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Want to Excel as a Product Manager? These 5 Books are for You

The appetite to learn and evolve is the greatest trait needed for a successful career, yet it’s the least talked about. Often, in the process of learning the ropes of a profession, we tend to forget that learning never stops.

There are reasons aplenty which make books an irreplaceable knowledge resource. From novices to seasoned professionals, everyone can learn from books, especially from industry insiders, and broaden their horizons.

Product manager jobs are those which straddle multiple industries and responsibilities. With the landscape of product management shapeshifting with every passing day, professionals have to update their skill set as well as amenability every once in a while. They must never forget to learn, and books are the right way to keep their minds sharp.

So here we have listed a set of must-reads for product managers that will not only give them insights and anecdotes into the business but will also inspire them. Read on!

  1. INSPIRED: How To Create Tech Products Customers Love by Marty Cagan

Keeping up with our promise, the first book is sure to get your innovative fluids flowing. In an era where digital rules the roost, this one is the first one to grab. Written by none other than Marty Cagan, someone who’s considered a pioneer in Silicon Valley, the new edition lays great emphasis on the role of a product manager in the tech world. He lays it all down in very simple terms, free of jargon, and instead shines the light on conceptual frameworks. 

Another area that Cagan pays attention to is how the product manager can directly affect productivity by composing a conducive “product culture”. The book is seminal since it turns traditionality on its head, and prods the reader to go beyond perceived boundaries. 

  1. Beautiful Design by Edward Tufte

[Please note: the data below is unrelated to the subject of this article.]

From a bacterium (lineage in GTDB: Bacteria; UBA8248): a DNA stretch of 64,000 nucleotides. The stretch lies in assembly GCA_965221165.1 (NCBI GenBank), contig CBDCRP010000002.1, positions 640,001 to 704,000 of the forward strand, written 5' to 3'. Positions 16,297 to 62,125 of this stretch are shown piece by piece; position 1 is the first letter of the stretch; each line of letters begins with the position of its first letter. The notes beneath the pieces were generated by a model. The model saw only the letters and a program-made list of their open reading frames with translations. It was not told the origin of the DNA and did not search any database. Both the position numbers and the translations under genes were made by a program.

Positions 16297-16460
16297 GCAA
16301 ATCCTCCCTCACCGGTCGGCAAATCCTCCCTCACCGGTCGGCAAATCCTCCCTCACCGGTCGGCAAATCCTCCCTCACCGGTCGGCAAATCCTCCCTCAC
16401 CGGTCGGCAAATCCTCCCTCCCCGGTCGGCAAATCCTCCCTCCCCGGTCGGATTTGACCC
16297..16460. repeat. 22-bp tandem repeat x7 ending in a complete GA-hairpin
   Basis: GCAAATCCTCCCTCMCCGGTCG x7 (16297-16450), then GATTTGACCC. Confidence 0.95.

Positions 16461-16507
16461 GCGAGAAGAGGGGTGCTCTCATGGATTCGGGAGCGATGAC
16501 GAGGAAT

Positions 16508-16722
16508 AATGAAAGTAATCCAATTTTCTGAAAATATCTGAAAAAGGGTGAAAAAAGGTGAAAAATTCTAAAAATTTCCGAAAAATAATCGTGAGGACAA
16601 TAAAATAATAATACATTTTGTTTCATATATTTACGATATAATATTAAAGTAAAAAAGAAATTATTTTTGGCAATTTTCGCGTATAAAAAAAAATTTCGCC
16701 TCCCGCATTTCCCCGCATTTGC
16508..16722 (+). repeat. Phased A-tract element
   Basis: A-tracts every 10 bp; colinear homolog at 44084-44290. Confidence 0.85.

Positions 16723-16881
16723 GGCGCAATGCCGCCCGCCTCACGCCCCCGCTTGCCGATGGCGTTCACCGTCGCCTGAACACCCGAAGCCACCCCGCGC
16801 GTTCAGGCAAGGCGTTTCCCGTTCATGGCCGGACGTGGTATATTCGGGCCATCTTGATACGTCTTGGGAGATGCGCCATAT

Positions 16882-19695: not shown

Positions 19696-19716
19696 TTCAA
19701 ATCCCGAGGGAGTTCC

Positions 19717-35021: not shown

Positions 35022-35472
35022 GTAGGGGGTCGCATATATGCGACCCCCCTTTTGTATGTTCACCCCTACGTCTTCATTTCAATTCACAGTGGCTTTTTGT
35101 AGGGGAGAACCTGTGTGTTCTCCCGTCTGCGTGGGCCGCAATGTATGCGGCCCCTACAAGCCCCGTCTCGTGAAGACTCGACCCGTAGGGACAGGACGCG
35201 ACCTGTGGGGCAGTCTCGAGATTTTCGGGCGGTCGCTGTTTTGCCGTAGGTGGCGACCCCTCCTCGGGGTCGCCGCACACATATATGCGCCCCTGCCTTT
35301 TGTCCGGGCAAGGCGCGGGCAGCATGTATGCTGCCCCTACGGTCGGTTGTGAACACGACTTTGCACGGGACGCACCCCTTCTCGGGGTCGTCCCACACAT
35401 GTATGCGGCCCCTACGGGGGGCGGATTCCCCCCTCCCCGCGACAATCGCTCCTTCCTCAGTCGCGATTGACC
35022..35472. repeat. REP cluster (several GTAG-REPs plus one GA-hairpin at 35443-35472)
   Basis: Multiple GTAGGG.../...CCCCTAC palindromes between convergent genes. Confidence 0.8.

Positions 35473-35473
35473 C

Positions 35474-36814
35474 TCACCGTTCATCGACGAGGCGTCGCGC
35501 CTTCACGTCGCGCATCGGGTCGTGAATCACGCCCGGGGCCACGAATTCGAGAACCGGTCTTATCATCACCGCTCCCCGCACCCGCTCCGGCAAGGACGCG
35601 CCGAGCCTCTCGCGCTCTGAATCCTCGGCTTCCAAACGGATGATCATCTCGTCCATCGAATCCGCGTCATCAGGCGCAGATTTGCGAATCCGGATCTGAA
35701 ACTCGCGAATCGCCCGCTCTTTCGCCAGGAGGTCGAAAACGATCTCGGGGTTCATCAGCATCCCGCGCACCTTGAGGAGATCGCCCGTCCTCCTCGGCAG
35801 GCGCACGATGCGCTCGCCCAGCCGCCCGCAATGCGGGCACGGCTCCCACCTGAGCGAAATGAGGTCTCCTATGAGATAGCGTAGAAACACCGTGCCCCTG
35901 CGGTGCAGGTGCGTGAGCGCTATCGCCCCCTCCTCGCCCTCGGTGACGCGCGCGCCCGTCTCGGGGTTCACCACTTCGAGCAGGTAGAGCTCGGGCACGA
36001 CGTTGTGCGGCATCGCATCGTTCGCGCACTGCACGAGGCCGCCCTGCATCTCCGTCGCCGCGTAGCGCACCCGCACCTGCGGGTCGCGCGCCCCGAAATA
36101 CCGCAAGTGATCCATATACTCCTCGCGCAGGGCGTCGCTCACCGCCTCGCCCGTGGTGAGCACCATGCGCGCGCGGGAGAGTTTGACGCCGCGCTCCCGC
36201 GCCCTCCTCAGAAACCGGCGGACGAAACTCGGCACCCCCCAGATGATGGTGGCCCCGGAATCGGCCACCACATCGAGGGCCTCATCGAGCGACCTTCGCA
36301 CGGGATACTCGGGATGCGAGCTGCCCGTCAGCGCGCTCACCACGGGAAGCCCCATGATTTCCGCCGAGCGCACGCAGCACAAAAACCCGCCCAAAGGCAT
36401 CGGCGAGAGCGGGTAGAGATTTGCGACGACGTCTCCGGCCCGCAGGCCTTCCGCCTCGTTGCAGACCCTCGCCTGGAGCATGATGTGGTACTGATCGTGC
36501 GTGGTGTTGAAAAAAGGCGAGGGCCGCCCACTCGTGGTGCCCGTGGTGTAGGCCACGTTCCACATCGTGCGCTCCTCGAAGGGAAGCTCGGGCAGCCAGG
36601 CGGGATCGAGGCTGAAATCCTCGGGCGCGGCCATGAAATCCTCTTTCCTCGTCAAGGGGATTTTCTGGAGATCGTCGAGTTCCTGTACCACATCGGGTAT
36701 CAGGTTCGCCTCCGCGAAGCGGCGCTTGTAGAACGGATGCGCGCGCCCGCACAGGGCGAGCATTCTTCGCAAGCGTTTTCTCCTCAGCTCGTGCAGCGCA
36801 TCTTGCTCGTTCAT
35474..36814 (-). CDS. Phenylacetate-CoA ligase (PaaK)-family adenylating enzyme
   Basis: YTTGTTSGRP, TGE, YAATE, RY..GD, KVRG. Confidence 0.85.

Flip the cover of this book, and you’ll find a quote that says “If you look after truth and goodness, beauty looks after herself.” If that isn’t evidence enough for an enchanting read, who knows what is. 

Edward Tufte is a conjurer who’s created a fountain of magic in a subject as dry as data. More than a statistician and political scientist, Tufte’s an artist, a proponent of clever design. Tufte illustrates his points effusively with the aid of modern era designs and ancient diagrams alike. 

  1. Hooked by Nir Eyal

In the world of attention economy, what sticks, sells. And Hooked, as the name suggests, delves into the area of behavioural design, which unlocks the key for the designing of viral products. Hooked is recommended for those who wish to make products that are addictive, in a positive sense of the word; apps that make life easier and apps that are ubiquitous and all-encompassing. 

All this is achieved by understanding the psyche of the user, and designing what suits their needs. 

  1. Measure What Matters by John Doerr

John Doerr has been the doyen of the management community for a long span. His most crucial contribution to the art and science of building a business has been the case of OKRs – objective and key results.

While profitability is one of the obvious goals, in Measure What Matters, Doerr expounds his theory as to how the ultimate targets set by a firm can differ them from run-off-the-mill businesses. He breaks down how each level and department can create synergy by focussing on smaller, but aligned goals. 

  1. Escaping The Build Trap by Melissa Perri

As long as productivity, and not utility, is the yardstick of success, the “build trap” will survive. Perri’s book is a small but significant step towards dismantling the hegemony of output and replacing it with outcomes. It is an attempt to redefine the value of a product by how it affects the user’s life and not the company’s arsenal of launches.

Product management is one of the most exciting professions right now. But it requires patience, knowledge, innovation, and amenability – some of the things you can learn by reading about the travails of those who’ve made it to the top.  

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